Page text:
The Packers had to come from behind Sunday, but they did so to earn a 28-19 victory over the Bears at Soldier Field.
Here are five takeaways from Green Bay's fifth triumph of the season:
1. This one did not look good early.
The Bears got a 24-yard completion to Equanimeous St. Brown that led to a field goal, a 55-yard TD run from quarterback Justin Fields, and a 56-yard bomb to St. Brown to set up a David Montgomery TD run all in the first quarter and a half to take a 16-3 lead.
The Packers were playing uphill the rest of the way, but they limited Chicago's big plays thereafter and made plenty of their own in the fourth quarter – a 21-yard TD run by AJ Dillon and a 46-yard end-around by Christian Watson the biggest highlights – to get the win.
"I know it wasn't always pretty, but our guys stuck together and we found a way," Head Coach Matt LaFleur said.
2. Watson just continues to ball out.
The second-round draft pick scored twice to give him eight touchdowns in his last four games, becoming the first rookie receiver with eight TDs in a four-game stretch since Randy Moss in 1998, and the first rookie regardless of position since Clinton Portis in 2002 (according to Elias Sports Bureau).
Watson's first TD got the Packers back in the game, coming on fourth-and-4 from the Chicago 14-yard line with just 17 seconds left in the first half. LaFleur eschewed the field goal believing the Packers were going to need a lot of points to win, and the gutsy call and contested catch in the end zone got Green Bay within 16-10.
Then his second TD, the 46-yard end-around, was the clincher. The Packers were looking to burn the last 2:52 off the clock, up 20-19.
Watson caught a 19-yard pass to start the drive, and then two plays later, just after the two-minute warning, took a handoff on the jet sweep and wasn't touched, going all the way down the sideline. He finished his day with 94 yards from scrimmage (three catches, 48 yards; one rush, 46) with the two TDs.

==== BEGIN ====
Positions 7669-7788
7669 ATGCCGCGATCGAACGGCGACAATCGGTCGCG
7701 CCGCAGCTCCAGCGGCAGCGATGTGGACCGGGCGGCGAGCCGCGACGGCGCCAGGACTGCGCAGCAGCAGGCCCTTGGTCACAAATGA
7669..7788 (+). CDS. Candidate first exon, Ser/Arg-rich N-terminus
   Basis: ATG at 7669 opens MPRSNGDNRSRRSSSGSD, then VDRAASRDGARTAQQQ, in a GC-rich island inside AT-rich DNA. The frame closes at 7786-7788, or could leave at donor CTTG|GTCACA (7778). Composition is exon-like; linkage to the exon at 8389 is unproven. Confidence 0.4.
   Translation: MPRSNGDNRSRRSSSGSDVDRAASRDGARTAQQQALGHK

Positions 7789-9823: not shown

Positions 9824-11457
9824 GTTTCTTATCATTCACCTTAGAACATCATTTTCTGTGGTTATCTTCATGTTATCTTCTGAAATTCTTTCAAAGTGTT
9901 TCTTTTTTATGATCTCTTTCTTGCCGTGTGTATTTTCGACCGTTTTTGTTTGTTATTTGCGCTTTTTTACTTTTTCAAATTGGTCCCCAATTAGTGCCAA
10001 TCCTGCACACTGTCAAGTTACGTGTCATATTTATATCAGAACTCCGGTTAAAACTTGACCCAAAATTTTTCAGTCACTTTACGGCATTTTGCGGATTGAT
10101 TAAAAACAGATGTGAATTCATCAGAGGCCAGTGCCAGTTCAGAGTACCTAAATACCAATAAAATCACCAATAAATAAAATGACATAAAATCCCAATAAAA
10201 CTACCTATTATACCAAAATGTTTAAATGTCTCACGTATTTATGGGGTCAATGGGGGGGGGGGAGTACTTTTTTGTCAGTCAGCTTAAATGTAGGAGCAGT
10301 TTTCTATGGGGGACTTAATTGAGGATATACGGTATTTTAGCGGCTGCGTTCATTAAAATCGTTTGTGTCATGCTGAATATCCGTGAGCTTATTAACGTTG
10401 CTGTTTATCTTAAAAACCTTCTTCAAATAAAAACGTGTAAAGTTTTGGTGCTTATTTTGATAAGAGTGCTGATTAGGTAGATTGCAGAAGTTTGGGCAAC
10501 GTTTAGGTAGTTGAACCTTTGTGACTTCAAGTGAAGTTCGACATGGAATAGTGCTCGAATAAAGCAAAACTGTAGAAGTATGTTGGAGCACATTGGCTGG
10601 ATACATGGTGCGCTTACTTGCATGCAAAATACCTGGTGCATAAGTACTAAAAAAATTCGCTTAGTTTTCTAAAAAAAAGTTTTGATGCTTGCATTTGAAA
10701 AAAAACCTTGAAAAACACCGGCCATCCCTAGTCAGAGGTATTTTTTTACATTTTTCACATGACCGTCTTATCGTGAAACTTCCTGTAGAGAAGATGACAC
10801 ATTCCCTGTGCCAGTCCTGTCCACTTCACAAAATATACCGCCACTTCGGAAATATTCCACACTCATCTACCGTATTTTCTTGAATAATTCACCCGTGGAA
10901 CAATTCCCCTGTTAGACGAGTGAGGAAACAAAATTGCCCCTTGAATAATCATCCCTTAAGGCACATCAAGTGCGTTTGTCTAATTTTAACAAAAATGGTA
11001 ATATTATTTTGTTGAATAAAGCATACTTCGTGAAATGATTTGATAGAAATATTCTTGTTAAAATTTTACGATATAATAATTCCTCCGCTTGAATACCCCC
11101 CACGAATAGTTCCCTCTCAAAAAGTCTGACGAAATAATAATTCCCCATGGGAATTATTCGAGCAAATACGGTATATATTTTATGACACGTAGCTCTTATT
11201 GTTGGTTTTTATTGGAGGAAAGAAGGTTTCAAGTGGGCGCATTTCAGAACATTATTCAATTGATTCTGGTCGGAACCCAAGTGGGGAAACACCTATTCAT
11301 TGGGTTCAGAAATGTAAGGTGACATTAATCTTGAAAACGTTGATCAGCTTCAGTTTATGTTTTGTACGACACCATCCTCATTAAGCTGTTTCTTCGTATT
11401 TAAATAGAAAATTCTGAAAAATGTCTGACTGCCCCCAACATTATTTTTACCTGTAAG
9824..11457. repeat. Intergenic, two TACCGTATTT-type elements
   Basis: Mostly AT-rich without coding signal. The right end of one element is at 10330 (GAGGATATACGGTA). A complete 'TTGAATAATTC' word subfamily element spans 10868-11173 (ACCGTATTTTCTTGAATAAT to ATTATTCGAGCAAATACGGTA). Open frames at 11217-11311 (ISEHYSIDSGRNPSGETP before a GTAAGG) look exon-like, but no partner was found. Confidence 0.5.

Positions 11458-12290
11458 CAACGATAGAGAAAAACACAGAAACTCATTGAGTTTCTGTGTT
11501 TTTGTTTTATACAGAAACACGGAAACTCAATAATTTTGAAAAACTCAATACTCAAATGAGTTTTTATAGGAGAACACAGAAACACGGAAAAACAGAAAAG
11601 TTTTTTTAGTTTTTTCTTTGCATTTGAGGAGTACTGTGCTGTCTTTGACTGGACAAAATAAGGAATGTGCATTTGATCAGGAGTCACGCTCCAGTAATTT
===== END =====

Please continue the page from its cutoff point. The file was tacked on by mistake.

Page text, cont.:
It's remarkable how far Watson has come from missing all of training camp, dropping a 75-yard TD on the first offensive snap of the season, and dealing with a hamstring injury and concussion, to become such a dynamic playmaker so quickly.
"It's a rapid, wild development," said quarterback Aaron Rodgers, who wound up 18-of-31 for 182 yards and a TD (85.7 rating). "It's hard to think about another player who goes from being kind of a here-and-there, minimal production to go-to type player, home-run player."
Watson also drew a 38-yard pass interference penalty on the first play of the fourth quarter two snaps before the 21-yard TD run by Dillon (18 carries, 93 yards; three catches, 26 yards) pulled the Packers within 19-17.
"It's so cool to see guys respond in these moments, and then once you see confidence, once he's gained confidence, to see him take off," LaFleur said of Watson. "Just really proud of him. He's a smart guy that works his tail off. It means a lot to him. I think it's cool to see the other guys, they have confidence in him as well. It's just a really cool story."
3. Speaking of confidence, the Packers had a ton of it on two key play calls late in the game.
First was the Watson end-around. LaFleur credited offensive coordinator Adam Stenavich for staying in his ear to dial it up, and when it was talked about during the two-minute warning, Rodgers thought they might score on it.
Just in case, he checked with LaFleur to see if he should tell Watson to give himself up if he broke free, so the Bears wouldn't get the ball back. But with Chicago having all three timeouts, LaFleur said go ahead and score. Lo and behold …